If you go to movies primarily for the visual experience, you’ll likely love much of Life of Pi. That’s because the film is beautiful, with director Ang Lee fully utilizing his palette to create what is one of the best-looking films I have seen in quite some time. It has already received a huge amount of positive buzz, and while I’ll add my voice in praising the visual quality of the film I can’t say the same for the overall film.
I can best describe Life of Pi as a fairytale for adults. An author (Rafe Spall) meets with Piscine Molitor Patel (Irrfan Khan), better known as “Pi” because his full first name unfortunately sounds like “pissing,” because he hears that Pi has an incredible life story. And that he does — Pi, who grew up in India in a zoo run by his father, survived a shipwreck when he was a young man (young Pi is played by newcomer Suraj Sharma) which initially was meant to transport his family and the zoo’s animals to Canada, where the animals could be sold at a high price to North American zoos. Curiously, Pi tells the author that he ended up escaping the shipwreck on a lifeboat, but was trapped with several animals which also escaped on the boat — including a Bengal tiger named Richard Parker. The film follows Pi as he attempts to survive both the Pacific Ocean and the increasingly hungry tiger, and in order to survive Pi, who refuses to kill the tiger because caring for it gives him focus enough to keep him sane while he is adrift, has to learn how to control the tiger while sailing to safety.
Again, there is no denying that the film is beautiful, with incredible contrasts between the colors — both in the early scenes in colorful India and also in the gorgeous open skies of the Pacific Ocean. It also touches upon some spiritual questions — young Pi can be best described as a connoisseur of religions — but it really doesn’t plumb the depths of those religious questions too deeply (nor should an allegorical film like this have to). But the presentation of the film — the effects, the shots, the music, the entire experience in general — has that self-important quality that suggests that it’s supposed to be seen by audiences as an Important and Groundbreaking film, with capital I and G. The unnecessary narrative frame of the older Pi telling the story is imposing and preachy, and what should be left to the audience isn’t — probably because Lee is afraid we’ll miss his point. In fact, after the screening ended (which turned out to be the world premiere, since we were the first public audience to see the film), the Film Society of Lincoln Center sent out a barrage of retweets from other critics immediately extolling the film’s beauty and naming it as a definite Oscar contender. I think that reaction is premature — it certainly deserves consideration in technical categories, but measured against other films that came out this year that will be up for awards it falls short.
Yes, the film is visual eye-candy, but I hesitate to call it “groundbreaking.” There are a number of shots that make great use of the film’s 3D, but since this is an animal film I am sure you could probably guess what most of them consist of. But it isn’t groundbreaking in the sense that Lee’s own Crouching Tiger, Hidden Dragon was, because there’s nothing in the film visually that is a breakthrough — but it demonstrates Lee’s mastery of color, and that’s nothing to disregard.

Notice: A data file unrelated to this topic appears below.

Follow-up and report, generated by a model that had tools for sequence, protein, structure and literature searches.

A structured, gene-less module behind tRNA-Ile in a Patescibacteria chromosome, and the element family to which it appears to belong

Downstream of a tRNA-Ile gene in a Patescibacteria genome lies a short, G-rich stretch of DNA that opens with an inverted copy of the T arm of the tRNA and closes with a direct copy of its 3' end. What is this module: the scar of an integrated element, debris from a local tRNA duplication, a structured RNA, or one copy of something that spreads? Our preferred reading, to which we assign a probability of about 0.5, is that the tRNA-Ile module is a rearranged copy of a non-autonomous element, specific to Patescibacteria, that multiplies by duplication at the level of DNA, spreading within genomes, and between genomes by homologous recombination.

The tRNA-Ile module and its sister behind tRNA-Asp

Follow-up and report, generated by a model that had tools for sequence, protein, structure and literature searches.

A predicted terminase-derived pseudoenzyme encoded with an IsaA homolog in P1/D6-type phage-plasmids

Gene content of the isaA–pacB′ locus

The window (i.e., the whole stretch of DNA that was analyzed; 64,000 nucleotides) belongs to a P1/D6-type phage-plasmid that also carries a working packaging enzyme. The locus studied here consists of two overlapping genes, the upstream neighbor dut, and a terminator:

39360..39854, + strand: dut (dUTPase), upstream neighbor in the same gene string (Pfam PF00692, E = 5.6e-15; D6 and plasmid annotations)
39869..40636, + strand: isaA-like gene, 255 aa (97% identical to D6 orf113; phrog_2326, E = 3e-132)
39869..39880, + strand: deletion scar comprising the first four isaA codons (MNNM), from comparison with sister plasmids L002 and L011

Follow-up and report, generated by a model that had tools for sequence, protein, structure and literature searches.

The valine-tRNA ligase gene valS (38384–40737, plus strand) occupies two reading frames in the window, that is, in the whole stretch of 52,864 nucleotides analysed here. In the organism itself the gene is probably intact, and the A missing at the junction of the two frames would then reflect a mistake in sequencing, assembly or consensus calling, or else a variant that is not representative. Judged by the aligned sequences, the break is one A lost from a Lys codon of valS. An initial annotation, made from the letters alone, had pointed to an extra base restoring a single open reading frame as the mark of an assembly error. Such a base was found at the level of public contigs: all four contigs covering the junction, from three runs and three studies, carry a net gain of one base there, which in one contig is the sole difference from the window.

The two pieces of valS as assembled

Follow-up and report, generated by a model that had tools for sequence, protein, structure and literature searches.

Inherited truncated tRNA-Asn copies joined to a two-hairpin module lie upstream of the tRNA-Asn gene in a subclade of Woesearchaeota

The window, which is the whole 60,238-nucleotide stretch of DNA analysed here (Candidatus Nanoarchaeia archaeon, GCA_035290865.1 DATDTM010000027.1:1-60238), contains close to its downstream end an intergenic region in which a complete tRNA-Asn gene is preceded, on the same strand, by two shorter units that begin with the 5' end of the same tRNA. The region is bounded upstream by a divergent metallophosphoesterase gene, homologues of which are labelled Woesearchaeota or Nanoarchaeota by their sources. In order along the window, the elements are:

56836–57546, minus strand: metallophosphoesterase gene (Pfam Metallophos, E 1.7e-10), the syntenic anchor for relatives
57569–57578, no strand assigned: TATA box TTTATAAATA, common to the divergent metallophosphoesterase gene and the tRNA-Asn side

But the beauty of the film can’t prop up a plot that drags. Life of Pi might make great reading, but there are so many sequences at sea and only so much that can visually be done with a lifeboat and color that its two hour run-time is longer than it needs to be. But perhaps the length is meant to hoist the film up as the “epic” it seems like its supposed to be, as if Lee bought into the hyperbole of the film’s greatness and cut the film based on that (Lee mentioned in his pre-screening remarks that he isn’t completely finished with the cut, and I think it would be a good idea to trim it a bit). Then again, there are some wonderful moments of humor that make it seem like it shouldn’t be taken too seriously. Much of this stems from Sharma, who does a wonderful job portraying the conflicted and troubled Pi. Though all the other actors in the film are far more experienced than him — including Gérard Depardieu in a very small role (and I definitely didn’t miss the irony of him starring in a film in which the main character has a name that sounds like “pissing”) — Sharma is really the only one who stands out, displaying an admirable amount of emotional depth for a young actor. Well, I would be remiss to not also mention the real life tigers which portray Richard Parker — and the visual artists who made the tiger effects virtually indistinguishable from the real cat. Again, all part of the impressive visual presentation, by far the film’s strongest aspect.
I wonder if those taken with the film will be more enchanted by the idea that this is supposed to be “art” than with the film itself, as a lot of people were with a film like Vanilla Sky — only to realize after repeated viewings that the movie doesn’t carry the punch they initially thought. Or perhaps I will remain in the minority in thinking that Life of Pi doesn’t deserve the hype because despite being adapted from a bestselling novel the story just doesn’t make a great film story. Either way, while I enjoyed Life of Pi I don’t think it will end up making my “Best of” list for 2012, even though I am sure it will make many others.
RATING: As a visual experience it would be a 10, but I prefer films that offer more than just a pretty face (7.0/10).